So the Montreal Expos are moving to Washington D.C. next year. I have to say I'm somewhat disappointed by the move. It's one more pro franchise clustered on the East Coast. Would have been cool if they moved the team to Mexico -- can you imagine how popular that team would be in Mexico? It would literally be a national symbol. Oh well, better luck with the next expansion.

As the Crane flies

It turns out that Phil Crane really is out of touch with his district -- because he's never there! The Chicago Tribune reports on a study done by Northwestern U students, who determined that Crane took $109,000 in lobbyist-funded trips to places like Rome, Scotland and Antigua. That's $109,000 in travel expenses alone, folks.

Monday, September 27, 2004

Keyes blog makes a splash

The Maya Keyes blog is all over the place now. Check out the DailyKos post. It would be interesting to know what conservative extremists think about this, but Illinois Leader censored related discussion topics out of their message board. At any rate, I have to admire Maya. She seems like a really great person from her blog -- which if you haven't read it already, you may never see (someone has taken it down). And it's a shame...knowing this makes Mr. Keyes seem more like a real person. But the campaign will have none of that! Anyway, enough on this topic for now. Updated: also picked up the story.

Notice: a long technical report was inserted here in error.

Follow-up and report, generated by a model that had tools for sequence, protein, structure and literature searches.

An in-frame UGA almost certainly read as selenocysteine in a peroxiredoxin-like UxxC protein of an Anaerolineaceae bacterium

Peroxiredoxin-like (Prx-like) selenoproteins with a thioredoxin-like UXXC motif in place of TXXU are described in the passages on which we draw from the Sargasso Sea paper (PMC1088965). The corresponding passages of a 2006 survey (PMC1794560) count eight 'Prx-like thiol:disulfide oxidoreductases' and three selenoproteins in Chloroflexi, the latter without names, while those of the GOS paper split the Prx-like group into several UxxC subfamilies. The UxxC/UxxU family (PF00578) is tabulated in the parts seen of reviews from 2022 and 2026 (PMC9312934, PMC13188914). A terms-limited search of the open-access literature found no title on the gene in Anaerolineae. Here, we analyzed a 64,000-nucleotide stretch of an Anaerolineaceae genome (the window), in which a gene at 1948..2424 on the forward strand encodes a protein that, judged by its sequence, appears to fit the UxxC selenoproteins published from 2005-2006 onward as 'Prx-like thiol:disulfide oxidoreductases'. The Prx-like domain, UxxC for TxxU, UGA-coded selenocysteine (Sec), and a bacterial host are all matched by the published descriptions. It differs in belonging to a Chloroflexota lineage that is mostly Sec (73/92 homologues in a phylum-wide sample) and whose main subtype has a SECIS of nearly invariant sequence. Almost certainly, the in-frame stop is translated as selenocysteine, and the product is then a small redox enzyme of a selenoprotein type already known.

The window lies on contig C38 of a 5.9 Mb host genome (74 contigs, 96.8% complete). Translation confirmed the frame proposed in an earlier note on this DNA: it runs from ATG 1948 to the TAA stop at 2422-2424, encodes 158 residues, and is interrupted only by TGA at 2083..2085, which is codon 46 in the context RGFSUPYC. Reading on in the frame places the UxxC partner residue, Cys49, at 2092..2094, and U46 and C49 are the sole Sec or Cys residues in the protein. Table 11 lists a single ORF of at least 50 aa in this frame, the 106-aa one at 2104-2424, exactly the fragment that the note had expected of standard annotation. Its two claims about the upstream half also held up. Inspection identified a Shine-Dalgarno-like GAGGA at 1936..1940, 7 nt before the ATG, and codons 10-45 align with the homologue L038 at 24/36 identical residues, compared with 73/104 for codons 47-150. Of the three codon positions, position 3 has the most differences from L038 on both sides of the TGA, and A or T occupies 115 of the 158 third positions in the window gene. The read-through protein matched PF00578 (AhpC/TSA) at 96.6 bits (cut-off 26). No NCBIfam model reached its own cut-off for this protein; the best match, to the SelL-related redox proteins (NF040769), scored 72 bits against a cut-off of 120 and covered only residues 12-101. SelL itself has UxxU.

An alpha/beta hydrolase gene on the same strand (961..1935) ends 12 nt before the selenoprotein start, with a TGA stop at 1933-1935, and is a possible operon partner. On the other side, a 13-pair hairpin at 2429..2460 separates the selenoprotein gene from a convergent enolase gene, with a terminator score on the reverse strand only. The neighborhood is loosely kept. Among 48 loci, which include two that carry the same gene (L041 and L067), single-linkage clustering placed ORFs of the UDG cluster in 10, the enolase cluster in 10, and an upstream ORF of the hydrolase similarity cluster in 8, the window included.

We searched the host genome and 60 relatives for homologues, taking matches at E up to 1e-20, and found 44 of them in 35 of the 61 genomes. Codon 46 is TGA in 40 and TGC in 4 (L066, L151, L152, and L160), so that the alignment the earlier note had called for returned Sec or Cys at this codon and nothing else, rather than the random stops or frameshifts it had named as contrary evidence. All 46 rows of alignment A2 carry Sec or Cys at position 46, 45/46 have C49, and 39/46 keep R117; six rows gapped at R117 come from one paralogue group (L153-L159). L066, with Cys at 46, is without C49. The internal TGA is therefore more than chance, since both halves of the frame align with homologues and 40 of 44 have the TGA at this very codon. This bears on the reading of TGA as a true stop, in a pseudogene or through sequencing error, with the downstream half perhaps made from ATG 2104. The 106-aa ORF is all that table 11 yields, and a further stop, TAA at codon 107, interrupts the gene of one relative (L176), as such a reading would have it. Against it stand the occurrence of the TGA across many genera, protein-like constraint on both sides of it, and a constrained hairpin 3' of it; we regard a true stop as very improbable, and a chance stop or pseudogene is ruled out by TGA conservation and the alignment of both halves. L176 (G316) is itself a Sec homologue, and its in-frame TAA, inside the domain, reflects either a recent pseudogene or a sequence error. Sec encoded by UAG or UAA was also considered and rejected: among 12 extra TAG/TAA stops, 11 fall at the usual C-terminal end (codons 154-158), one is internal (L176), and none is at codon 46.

Sunday, September 26, 2004

Keyes daughter in the blogosphere?

Check this out. In what is apparently Alan Keyes' daughter's blog, there's an account of someone coming up to her at a campaign event, noticing her rainbow bracelet. The person asked her on the sly if she's "family" and she responded yes. Then another gay person came up to her and offered his support for her being in a conservative family and still wearing a rainbow bracelet. So sounds like the apple falls far from the tree on that issue. Just how far? You tell me. Sez the blog:
    "...My aunt said something about him being the "voice of America" re: gay rights and he has been one of gay marriage's most outspoken critics, campaigning round-the-clock to make sure that people like yours truly will never be able to enjoy the same benefits he already has. Sometimes I cannot believe I am related to this man. Haha though I'm sure he feels the same way about me."
    "my parents and I were seriously not getting along and so we needed some time off from each other; the idea was that after a year of being a wonderful good helping-the-poor type person they would once again like me and therefore be willing to pay for my college I'm not so sure that part of it will work; despite the fact that I'm all about working for global justice THEY don't care about that, THEY only care that I am an evil dyke. And even if I am a charitable dyke I am still a dyke who KISSES GIRLS and especially with the gay marriage thing going on now that's at the front of their minds. "